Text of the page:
I doubt anyone sees the cost of living dropping anytime soon,
and they'd be correct. Next year the minimum wage goes up to $9.14/hour,
an occasion to be celebrated by, among others, waiters everywhere,
who will also get a raise on their tips from the higher prices
the restaurants will have to charge. Of course restaurants can
save by cutting cooks' pay or eliminating bussers.. When you add
on the $1.06 or $1.60/hour for health care and the 9 paid sick
days and the city payroll tax because our 'progressive' board
only knows how to increase the cost of labor (and then the cost
of everything labor might buy), you can see how things might get
expensive in any business that required workers.
You can see the huge disincentive to become an employer of an
entry level worker. You can see why private independent contractors
are the single fastest growing segment of San Franciscan workers.
All the progressives I know tell me to raise my prices and that
people will pay the slight increase, and these are the liberals!
You can see how people at any end of the spectrum might get squeezed.
Businesses are no different: The fact that restaurants are far
more than likely to go under in their first 5 years explains that
they're in worse shape than the people they employ and serve.
So I have to ask, is this upward spiral in anyone's best interest?
Small, locally owned businesses certainly lose. Citizens and residents
certainly lose. I did notice that the City Government's payroll
is going up by hundreds of millions of dollars, including executive
pay and benefits. I noticed that city workers make more money
by far than the rest of us, $6,000/year more on average before
the lifetime healthcare and pension benefits are thrown in at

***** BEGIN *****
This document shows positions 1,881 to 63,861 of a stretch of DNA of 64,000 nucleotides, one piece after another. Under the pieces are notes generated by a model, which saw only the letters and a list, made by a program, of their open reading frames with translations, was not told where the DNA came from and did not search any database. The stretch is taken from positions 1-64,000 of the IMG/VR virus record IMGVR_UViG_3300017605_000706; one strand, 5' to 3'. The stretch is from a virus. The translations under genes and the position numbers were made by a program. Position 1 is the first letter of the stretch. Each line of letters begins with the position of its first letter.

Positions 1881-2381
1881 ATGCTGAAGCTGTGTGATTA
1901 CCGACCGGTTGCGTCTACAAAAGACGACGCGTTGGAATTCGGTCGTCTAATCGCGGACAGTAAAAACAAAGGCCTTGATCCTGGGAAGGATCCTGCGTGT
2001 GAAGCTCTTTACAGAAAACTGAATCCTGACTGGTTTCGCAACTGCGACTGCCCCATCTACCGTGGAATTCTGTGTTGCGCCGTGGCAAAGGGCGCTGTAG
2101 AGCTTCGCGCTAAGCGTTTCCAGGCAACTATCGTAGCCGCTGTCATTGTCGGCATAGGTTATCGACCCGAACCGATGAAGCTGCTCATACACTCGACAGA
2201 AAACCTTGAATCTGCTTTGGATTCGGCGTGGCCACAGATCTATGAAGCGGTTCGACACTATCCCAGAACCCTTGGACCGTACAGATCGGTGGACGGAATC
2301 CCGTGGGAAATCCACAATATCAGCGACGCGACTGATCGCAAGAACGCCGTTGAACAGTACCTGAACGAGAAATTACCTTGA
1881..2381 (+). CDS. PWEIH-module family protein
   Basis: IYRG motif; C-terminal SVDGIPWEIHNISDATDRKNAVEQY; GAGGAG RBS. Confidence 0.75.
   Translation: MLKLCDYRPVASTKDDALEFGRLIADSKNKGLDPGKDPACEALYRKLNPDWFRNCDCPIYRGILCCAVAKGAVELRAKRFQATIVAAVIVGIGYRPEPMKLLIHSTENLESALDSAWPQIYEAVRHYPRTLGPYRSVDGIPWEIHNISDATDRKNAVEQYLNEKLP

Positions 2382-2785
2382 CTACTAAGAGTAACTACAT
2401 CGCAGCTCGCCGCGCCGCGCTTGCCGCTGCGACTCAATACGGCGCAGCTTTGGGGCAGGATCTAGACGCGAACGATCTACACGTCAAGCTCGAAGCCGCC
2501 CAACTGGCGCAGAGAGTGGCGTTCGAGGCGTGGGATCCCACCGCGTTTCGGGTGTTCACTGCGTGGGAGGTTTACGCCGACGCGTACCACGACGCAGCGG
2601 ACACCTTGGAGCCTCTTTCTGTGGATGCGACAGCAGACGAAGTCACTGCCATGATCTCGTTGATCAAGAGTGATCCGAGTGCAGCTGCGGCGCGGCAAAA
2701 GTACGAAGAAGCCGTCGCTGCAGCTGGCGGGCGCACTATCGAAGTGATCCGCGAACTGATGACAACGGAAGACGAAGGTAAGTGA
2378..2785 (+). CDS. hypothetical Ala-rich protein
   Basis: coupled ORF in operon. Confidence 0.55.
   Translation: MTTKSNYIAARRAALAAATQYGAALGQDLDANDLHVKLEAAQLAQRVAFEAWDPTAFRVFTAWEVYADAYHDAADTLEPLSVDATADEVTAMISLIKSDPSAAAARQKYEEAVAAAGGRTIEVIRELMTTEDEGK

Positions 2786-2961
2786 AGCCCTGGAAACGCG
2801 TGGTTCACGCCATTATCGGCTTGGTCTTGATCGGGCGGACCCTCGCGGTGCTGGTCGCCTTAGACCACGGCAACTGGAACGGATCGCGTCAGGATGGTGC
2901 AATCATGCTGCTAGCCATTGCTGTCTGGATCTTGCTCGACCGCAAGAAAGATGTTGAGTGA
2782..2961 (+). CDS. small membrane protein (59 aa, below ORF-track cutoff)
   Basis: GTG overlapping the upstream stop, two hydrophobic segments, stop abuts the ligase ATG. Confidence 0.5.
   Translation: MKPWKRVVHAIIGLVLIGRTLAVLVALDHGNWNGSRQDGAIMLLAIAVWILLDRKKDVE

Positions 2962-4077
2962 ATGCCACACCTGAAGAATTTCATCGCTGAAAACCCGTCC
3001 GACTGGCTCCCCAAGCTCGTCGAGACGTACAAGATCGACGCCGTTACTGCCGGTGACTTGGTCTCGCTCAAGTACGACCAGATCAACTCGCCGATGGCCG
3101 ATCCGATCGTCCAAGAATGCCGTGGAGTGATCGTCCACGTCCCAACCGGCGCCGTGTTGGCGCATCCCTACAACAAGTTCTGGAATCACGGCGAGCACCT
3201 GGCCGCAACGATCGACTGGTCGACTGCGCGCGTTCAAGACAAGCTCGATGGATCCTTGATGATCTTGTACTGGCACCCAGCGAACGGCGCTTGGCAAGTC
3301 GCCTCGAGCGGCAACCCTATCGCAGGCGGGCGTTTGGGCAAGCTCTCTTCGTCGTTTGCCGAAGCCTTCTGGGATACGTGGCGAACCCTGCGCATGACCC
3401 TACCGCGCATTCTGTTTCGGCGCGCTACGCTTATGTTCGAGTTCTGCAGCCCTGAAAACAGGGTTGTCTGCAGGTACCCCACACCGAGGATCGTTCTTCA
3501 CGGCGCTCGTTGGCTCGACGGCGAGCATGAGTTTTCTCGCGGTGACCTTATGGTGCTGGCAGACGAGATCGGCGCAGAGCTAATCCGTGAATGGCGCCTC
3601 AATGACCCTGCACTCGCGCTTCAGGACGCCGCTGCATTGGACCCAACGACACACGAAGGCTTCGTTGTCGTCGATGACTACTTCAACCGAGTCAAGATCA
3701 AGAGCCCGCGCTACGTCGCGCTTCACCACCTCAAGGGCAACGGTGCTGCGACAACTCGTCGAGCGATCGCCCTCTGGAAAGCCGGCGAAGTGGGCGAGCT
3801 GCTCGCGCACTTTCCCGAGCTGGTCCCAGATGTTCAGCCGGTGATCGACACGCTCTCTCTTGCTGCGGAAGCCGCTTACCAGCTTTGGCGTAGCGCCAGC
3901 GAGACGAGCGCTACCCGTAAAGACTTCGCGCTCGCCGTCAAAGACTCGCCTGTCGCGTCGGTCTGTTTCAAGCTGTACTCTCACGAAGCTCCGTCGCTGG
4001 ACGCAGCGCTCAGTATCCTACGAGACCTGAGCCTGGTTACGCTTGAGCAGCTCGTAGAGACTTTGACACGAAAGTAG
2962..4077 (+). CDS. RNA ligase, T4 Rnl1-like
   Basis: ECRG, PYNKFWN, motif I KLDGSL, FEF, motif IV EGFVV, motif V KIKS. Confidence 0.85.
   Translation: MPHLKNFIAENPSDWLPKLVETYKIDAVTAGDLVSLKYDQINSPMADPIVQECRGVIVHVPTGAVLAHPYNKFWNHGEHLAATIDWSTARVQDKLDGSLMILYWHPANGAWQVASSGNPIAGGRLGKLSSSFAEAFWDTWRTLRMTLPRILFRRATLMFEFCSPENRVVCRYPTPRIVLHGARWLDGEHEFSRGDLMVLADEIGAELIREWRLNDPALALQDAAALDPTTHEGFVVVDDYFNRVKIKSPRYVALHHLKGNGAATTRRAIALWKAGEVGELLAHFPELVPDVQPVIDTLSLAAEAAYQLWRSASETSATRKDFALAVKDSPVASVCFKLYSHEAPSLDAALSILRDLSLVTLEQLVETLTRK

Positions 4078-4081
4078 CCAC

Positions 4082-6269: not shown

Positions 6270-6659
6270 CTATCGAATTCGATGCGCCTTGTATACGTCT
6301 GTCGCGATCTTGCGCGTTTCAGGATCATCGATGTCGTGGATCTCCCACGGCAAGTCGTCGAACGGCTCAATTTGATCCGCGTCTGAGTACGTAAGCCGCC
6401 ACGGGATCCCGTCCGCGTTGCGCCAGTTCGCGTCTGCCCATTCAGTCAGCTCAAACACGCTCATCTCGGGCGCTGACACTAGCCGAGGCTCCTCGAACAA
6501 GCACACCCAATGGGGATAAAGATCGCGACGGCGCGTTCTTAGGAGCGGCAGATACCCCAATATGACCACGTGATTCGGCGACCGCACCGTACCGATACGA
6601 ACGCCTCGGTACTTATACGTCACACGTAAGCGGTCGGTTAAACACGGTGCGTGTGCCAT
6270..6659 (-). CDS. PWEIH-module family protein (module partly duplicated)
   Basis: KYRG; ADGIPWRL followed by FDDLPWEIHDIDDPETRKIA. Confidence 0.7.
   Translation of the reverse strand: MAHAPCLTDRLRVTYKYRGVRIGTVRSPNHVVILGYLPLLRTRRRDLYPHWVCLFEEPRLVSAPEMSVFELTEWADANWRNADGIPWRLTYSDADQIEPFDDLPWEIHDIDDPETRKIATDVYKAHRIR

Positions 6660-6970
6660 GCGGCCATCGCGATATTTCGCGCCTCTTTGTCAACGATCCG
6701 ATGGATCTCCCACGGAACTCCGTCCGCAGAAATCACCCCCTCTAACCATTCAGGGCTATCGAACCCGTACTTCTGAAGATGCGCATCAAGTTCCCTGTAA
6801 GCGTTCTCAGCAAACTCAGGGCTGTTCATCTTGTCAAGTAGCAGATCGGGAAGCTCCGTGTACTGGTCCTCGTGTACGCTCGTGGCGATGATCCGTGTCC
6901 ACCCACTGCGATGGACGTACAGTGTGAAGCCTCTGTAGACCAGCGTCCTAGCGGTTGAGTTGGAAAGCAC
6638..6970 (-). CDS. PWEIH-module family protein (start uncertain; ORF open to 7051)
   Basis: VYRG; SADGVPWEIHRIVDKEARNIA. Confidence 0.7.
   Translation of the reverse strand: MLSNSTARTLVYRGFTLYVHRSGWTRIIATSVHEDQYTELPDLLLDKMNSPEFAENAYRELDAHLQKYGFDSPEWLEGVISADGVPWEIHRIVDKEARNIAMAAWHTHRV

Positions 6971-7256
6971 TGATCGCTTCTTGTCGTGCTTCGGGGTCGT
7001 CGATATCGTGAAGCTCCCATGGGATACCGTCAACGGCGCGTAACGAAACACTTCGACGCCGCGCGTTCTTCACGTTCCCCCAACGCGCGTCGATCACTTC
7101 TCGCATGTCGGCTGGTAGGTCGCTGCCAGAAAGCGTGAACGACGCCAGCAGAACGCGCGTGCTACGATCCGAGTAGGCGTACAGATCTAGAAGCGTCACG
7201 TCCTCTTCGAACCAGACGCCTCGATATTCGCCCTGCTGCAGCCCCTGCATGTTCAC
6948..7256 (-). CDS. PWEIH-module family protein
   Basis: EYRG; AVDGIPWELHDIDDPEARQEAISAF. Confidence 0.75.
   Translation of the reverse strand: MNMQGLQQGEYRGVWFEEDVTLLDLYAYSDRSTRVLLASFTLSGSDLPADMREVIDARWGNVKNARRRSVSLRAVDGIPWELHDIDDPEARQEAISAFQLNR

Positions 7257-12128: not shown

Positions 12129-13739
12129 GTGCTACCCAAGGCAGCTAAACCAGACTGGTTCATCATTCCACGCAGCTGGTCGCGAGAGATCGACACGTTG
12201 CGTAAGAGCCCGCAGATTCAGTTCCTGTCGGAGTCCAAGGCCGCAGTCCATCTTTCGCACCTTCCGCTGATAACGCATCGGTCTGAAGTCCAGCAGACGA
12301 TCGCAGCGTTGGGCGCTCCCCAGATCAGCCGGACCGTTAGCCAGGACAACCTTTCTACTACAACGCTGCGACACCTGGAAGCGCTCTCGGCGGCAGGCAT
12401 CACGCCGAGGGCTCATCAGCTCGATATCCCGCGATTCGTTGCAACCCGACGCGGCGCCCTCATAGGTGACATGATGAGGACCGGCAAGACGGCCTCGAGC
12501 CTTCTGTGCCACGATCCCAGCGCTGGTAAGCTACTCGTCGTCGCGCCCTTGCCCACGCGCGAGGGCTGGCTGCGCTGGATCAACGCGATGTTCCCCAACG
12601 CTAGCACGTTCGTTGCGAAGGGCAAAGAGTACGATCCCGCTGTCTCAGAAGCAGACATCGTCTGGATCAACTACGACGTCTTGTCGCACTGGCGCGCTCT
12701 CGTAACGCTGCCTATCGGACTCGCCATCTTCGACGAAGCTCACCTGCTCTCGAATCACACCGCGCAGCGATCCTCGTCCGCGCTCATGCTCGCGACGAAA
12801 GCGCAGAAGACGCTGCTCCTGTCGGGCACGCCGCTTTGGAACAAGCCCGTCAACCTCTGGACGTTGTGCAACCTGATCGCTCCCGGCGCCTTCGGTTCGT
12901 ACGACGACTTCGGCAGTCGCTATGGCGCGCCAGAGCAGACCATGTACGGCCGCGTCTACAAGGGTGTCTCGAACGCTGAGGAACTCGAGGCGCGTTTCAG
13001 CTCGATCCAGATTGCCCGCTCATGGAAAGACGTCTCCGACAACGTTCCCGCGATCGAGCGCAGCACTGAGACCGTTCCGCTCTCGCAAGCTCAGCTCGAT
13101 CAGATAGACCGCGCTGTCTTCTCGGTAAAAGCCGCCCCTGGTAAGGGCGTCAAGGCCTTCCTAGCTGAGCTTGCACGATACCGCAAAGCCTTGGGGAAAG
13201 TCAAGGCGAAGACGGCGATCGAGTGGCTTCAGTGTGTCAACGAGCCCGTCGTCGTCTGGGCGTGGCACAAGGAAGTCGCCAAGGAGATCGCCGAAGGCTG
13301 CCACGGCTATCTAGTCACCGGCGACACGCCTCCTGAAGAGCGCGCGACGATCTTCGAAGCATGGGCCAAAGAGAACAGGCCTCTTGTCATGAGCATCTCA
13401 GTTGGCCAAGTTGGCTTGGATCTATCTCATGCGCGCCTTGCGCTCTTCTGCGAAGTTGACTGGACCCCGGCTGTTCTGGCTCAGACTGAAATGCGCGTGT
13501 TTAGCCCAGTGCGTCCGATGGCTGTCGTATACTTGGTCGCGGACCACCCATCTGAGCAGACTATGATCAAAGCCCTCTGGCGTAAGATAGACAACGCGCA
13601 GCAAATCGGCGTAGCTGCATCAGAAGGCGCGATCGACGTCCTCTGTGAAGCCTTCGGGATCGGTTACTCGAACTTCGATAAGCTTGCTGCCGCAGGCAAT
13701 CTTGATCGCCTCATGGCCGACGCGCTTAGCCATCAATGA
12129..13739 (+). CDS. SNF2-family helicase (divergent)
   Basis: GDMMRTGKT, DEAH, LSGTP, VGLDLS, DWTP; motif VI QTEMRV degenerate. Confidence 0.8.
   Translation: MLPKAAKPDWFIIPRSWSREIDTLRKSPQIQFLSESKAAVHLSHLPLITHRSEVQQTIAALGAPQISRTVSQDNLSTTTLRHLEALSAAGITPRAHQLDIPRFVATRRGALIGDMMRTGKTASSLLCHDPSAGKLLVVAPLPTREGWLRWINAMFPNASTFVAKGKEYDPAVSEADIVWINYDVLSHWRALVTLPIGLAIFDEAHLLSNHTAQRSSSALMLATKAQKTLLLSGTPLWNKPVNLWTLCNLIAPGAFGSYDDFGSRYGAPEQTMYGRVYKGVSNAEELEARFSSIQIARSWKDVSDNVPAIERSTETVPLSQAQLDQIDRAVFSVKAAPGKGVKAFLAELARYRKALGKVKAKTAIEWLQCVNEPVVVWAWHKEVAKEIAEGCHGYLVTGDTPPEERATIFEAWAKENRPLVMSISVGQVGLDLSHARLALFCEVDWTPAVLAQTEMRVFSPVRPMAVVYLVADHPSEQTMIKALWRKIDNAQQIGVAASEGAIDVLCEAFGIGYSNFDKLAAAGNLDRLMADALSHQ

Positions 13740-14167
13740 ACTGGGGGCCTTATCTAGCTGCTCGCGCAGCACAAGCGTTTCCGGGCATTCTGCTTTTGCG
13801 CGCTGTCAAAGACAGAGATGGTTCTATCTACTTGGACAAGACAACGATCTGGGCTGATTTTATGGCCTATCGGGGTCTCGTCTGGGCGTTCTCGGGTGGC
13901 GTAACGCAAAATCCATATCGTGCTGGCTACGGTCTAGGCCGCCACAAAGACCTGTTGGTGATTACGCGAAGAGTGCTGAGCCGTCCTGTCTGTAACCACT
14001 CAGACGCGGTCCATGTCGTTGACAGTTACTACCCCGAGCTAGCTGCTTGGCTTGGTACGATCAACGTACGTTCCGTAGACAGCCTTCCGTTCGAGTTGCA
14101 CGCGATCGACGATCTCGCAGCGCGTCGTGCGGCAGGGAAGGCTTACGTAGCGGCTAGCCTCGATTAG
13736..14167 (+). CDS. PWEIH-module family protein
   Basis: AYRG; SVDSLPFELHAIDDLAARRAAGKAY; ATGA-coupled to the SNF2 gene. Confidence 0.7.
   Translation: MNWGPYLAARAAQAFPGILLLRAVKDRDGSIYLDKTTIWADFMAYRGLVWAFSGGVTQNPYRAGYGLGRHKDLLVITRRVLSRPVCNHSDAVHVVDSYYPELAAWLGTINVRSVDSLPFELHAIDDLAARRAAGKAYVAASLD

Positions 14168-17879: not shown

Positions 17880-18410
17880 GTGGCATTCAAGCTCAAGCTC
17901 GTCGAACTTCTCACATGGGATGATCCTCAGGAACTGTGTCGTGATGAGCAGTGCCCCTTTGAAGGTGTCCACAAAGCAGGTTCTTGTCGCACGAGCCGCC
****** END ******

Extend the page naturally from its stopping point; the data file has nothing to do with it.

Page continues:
our expense. I'm not quite sure who benefits other than the people
who work for the city, most of whom don't even live here. I know
that Muni, public housing, crime, public education, homelessness,
poverty and quality of life are not improving, yet we're paying
more for them every year. That doesn't strike me as 'progressive'.
The trajectory is more banana republic than third way.
Would it not be progressive to demand the city spend our money
more wisely, actually fix the problems we all see and tax and
regulate us more judiciously so we can afford our own city. Shouldn't
it be progressive to call for civil service reform, to modernize
a 19th century city government and call for efficiency in the
name of service? Would it not be smart for the progressive intelligentsia
to sit down with small business leaders to help straighten out
what's wrong without falling victim again and again to the laws
of unintended consequences? Wouldn't it be in the peoples' best
interest to advocate for a more humane cost of living?
If we want to, we can maintain the number chickens and eggs at
a sustainable level where there's enough food for everyone that
we can afford to feed, but currently we've got a huge amount of
crap to shovel through to get anything done and a stench that's
growing intolerable. We can't sit around drunk on moonshine and
wonder why the barn reeks and blame it on the other guy all day
long. We have to make some hard choices and decide to look at
the big picture. This might require conversation. Is anyone reading
this willing to talk to someone they don't completely agree with,
or are we in a left wing version of Washington DC? If so - it'll
be interesting to see what happens in November when the arrogant
and unchallenged majority meets voters' wrath (in Washington,
Daniel Scherotter is a professional chef and operates Palio
d'Asti restaurant in San Francisco. Daniel is also the Vice President
of the Golden Gate
Email Daniel at email@example.com.